- Allow the panel to dry a few hours before mounting controls.
- ALWAY USE FLAT WASHERS UNDER NUTS THAT HOLD THE CONTROLS
- This will help prevent wrinkling the film when tightening the nuts.
- NEVER SPRAY WINDOW CLEANER DIRECTLY ON THE PANEL.
- This can seep under the edges of the transparency and stain the glue an
- Spray the cleaner on the cloth or paper towel and use it to wipe the
Figure 5, The finished panel
( picture is a bit fuzzy, limited by the resolution of my camcorder)
Removing the panel label
- You can remove the panel, in case you screw up or change your mind, by
lifting a corner of the transparency with a hobby knife and pealing it off.
- This will leave most of the ink and most of the glue on your panel.
- Use a product similar to "goo-gone" (available at your
hardware store) to remove the glue.
- I've heard that WD-40 will do this although I have not tried it.
- Wash the panel using liquid dish detergent and rinse throughly. Dry with
- This could ruin the shelf paper so you may have to remove it and clean
its glue off as well.
ADDITIONAL COMMENTS FROM A USER OF THIS TECHNIQUE. Hi Neil,
Just a comment on your technique for front panels. I've worked with
acetate-based front panels and found that some adhesives can dissolve the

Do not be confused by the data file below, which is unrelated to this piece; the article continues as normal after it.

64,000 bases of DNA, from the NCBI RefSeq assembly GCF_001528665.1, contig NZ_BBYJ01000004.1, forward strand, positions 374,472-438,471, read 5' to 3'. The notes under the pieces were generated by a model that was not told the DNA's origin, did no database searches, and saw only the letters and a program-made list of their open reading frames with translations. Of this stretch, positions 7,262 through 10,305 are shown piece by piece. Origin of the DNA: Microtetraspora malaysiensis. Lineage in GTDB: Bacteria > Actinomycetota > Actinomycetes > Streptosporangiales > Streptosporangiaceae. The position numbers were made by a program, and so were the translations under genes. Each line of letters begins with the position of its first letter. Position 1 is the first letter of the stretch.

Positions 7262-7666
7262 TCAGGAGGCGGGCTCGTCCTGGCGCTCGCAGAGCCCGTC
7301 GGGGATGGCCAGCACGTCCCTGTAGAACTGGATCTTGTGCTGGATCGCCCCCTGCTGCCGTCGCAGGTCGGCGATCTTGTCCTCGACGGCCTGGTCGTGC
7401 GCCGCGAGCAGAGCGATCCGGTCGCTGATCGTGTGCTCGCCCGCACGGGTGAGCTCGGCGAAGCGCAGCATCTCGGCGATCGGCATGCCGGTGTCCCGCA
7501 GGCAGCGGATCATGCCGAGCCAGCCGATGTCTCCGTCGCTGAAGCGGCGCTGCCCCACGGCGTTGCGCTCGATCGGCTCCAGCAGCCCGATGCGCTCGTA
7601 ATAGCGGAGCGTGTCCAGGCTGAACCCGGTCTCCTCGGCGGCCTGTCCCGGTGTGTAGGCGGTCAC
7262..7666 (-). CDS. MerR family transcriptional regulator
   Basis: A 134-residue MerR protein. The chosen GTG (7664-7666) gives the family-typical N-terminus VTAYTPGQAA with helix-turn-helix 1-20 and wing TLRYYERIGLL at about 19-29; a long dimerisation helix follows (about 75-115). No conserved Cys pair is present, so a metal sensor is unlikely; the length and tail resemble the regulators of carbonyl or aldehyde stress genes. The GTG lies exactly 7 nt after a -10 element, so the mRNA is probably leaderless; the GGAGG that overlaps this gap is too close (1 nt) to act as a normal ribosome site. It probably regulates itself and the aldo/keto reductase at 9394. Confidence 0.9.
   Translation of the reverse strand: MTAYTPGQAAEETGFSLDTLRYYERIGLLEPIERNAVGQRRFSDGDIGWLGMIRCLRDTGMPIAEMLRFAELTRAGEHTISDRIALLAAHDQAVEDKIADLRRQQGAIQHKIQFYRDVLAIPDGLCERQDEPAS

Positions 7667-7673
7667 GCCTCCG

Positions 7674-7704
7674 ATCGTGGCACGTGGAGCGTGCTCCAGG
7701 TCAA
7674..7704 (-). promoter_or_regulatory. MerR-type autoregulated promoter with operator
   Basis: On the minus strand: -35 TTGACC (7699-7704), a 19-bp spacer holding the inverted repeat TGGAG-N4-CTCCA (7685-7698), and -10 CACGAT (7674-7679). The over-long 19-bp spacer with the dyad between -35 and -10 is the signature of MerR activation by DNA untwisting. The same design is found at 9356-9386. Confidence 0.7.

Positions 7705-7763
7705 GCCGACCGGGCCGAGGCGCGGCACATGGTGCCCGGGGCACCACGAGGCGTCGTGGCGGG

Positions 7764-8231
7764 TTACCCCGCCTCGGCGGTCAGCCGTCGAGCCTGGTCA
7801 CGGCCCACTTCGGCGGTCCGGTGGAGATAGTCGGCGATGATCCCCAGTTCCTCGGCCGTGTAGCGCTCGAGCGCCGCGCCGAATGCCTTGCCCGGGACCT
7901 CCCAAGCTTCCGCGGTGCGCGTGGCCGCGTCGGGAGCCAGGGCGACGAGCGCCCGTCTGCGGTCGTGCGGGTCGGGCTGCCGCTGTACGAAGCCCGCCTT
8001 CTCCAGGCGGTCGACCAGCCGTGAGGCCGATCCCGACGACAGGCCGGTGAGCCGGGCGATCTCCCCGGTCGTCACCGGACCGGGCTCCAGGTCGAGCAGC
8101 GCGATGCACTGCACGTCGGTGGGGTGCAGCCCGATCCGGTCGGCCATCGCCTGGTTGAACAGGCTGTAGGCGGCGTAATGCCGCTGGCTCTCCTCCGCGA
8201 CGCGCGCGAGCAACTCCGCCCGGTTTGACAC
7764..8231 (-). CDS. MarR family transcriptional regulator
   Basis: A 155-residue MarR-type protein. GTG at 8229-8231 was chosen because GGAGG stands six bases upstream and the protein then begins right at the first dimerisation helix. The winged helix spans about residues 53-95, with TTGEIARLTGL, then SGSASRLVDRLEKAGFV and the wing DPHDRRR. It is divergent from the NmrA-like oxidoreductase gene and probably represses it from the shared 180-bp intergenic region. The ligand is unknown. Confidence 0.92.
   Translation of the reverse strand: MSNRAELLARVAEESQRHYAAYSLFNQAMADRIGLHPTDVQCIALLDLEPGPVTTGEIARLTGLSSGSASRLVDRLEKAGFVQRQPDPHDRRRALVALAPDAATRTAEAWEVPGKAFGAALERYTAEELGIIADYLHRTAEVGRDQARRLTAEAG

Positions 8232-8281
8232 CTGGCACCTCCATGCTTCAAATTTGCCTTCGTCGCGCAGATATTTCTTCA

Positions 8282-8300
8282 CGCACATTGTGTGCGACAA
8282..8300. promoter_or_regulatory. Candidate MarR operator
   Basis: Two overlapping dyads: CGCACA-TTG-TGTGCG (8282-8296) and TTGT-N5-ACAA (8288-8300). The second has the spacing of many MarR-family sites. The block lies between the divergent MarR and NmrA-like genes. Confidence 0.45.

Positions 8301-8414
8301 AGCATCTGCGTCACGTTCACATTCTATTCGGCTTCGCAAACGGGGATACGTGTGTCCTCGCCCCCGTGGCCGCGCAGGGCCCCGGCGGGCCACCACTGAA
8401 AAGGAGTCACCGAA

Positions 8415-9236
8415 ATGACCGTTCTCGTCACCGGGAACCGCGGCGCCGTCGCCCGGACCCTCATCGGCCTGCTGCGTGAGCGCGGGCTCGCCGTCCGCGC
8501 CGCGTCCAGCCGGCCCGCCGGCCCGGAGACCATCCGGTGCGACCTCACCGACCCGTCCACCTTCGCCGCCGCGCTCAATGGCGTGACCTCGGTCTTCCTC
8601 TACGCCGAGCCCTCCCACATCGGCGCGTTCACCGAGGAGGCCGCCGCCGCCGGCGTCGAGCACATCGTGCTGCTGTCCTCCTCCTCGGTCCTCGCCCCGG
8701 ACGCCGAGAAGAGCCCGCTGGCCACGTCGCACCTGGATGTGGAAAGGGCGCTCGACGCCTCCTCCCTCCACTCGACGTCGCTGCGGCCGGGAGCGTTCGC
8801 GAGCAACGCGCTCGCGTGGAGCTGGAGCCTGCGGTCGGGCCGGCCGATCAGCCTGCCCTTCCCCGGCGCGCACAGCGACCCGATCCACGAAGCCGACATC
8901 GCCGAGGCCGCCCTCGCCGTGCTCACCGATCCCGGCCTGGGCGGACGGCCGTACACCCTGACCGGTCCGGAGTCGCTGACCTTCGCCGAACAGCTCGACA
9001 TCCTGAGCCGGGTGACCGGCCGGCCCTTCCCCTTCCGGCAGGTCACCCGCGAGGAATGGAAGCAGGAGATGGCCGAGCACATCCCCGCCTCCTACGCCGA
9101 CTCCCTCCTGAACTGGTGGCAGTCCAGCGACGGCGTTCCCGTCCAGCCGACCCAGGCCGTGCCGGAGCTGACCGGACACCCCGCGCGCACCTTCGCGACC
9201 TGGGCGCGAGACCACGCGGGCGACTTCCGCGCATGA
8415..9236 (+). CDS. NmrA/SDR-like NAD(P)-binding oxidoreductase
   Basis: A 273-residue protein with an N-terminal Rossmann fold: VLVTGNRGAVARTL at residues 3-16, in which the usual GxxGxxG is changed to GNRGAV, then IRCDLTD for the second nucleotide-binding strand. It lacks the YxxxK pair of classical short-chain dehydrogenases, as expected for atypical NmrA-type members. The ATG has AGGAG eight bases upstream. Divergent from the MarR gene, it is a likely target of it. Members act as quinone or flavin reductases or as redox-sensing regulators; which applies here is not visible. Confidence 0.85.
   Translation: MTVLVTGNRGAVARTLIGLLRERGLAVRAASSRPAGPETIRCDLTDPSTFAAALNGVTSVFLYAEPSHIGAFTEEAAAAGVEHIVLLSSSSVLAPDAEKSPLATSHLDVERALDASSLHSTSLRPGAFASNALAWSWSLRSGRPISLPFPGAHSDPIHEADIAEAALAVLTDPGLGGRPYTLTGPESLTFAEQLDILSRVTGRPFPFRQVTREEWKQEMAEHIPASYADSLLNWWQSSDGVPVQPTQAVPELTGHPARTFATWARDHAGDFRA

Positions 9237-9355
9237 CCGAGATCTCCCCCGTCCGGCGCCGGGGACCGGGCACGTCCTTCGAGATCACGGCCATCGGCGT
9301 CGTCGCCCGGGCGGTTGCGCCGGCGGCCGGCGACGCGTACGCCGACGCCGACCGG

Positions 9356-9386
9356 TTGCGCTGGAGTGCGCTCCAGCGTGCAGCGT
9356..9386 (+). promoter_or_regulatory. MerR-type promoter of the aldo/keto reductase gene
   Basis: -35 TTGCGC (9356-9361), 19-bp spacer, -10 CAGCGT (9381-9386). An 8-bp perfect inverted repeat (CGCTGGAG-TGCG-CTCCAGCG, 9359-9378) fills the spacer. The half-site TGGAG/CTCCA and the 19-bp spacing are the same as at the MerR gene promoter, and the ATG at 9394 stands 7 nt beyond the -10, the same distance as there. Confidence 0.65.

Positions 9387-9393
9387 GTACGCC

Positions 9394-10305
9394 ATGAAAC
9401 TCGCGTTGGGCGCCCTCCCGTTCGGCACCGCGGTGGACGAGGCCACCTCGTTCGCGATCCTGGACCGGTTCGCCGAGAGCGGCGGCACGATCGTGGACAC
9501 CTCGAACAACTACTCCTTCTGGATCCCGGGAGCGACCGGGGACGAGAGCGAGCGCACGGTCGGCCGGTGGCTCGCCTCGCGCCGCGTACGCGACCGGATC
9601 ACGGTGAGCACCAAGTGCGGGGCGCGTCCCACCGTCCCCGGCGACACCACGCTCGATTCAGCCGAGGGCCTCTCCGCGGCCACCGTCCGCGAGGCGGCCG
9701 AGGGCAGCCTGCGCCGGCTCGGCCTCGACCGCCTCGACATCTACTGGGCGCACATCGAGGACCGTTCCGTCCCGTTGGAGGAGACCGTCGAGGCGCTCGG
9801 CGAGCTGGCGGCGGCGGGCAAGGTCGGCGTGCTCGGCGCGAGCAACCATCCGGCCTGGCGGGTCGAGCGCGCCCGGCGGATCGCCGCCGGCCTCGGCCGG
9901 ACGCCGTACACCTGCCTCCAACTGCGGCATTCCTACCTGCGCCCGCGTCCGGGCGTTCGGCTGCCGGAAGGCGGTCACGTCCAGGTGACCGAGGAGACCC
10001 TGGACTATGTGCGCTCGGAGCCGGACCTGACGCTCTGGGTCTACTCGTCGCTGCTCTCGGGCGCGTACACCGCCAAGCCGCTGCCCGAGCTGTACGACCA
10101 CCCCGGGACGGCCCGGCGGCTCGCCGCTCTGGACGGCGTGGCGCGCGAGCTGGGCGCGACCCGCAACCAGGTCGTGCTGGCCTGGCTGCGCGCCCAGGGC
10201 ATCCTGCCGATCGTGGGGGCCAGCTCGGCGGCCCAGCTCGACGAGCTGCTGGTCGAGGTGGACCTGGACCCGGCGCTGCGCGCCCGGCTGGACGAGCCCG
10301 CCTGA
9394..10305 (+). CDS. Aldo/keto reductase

toner (ink). Also, some adhesives can dissolve mylar sheets, so be sure to
use acetate (overhead-projector film). The advantage to using acetate is
that it's pretty durable. The disadvantage is that you can see the bubbles
from the spray adhesives.
Now, I use a product called Sticky Back. It used to be made by 3M, but is
still available (although it's getting harder to find) Look for it in
stores that carry graphic art supplies, but don't even bother going to the
stationary or office supply stores. Sometimes, Kinko's carries it, but ask
to speak to a manager (because most of the dweebs working there haven't
heard of it and will tell you they don't carry it.) It's a mylar sheet with
a peel-off backing. It's laser-printable and reasonably easy to apply.
Supposedly, it comes in colors, but I only use the "ice" color. For
your layouts, a paper version (just like a big address label, only it peels
off the panels easily) is also available. You CAN get THAT at Kinko's.
What I usually do is:
First, I print out my "drilling guide" and attach it to the panel. I
out all my holes, and if there are any square holes, I use my nibbler tool.
I then finish up by filing down any rough edges.
Then, I'll remove the drilling guide, and clean the panel removing all burrs
and scratches. I use a green Scotch-Brite pad, Ajax, and some elbow grease.
I use a circular motion to give it a uniform finish.
Then I'll print out and apply the final layout. Lastly, using an X-acto
knife, I'll cut out the openings for the holes.
The only problem with my technique is that I sometimes get little tiny
bubbles between the panel and the sheet. You can pop these with a needle,
but it still leaves a visible mark where the bubble was.